Part Three of my Solicitor's Guide:
If you have been unfortunate enough to be presented with a guilty client, a police officer who can string a sentence together AND a smidgen of prosecution evidence, you may find yourself and your hapless client in Court one day. Believe it or not, there is a high chance that your client will not show up at this stage, less than confident in your ability to quote the law better than the Magistrates' Clerk.
What to do if your client doesn't appear:
- Tell the Court he'll be here "in a few minutes". If you can use the word "presently", do.
- Find out whether any prosecution witnesses haven't shown up. If they haven't the case can be discontinued.
- Scour the file for a query you had asked the police to do six months ago and which has only been answered yesterday. No matter how irrelevant the query may be to your case, you can now claim an adjournment because you "haven't had time to prepare".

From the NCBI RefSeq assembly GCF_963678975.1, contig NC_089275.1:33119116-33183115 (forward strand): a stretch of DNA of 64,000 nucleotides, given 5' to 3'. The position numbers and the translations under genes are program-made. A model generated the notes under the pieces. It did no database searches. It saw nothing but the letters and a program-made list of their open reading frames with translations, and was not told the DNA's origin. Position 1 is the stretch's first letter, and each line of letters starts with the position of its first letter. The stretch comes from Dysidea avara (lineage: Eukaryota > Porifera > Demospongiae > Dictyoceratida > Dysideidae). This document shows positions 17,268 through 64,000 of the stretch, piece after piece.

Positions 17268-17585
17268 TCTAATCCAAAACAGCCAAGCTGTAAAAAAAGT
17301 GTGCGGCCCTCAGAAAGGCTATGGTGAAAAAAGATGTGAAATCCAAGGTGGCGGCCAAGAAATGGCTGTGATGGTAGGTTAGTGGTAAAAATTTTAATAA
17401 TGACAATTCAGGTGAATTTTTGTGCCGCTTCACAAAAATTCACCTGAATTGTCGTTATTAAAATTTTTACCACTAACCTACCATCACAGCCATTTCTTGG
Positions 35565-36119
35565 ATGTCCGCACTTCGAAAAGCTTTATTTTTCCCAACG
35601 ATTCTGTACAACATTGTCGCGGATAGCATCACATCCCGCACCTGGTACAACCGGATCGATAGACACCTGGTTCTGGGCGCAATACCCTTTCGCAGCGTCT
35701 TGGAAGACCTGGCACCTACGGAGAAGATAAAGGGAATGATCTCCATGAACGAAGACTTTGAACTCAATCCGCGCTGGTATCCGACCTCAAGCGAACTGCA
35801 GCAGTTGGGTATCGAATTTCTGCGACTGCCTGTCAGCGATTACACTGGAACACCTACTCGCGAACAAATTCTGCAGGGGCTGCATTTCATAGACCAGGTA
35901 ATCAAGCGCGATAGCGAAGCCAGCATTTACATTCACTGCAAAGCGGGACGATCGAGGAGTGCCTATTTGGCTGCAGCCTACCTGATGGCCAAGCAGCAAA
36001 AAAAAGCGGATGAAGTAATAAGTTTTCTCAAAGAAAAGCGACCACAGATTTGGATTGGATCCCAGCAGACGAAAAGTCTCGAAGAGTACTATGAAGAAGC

- Claim an abuse of process. If they ask exactly what process has been abused, just keep shouting "Abuse! Abuse!" and jabbing your finger down onto the desk.
- If at any stage someone suggests hearing the case in your client's absence, immediately demand that a warrant is issued for their arrest instead. Once arrested on warrant, your client will be released on bail and given another chance not to show up later in the year.
- If all else fails, wait until the Magistrates are out of the room discussing their options, grab your briefcase and leave the building. They will be unable to go ahead with neither client nor advocate and the case must be adjourned.
Next time on my Solicitor's Guide: the Juvenile Client.
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*Readers should not be misled by the term "award-winning". This Guide has never and will never win an award, the phrase is merely used figuratively.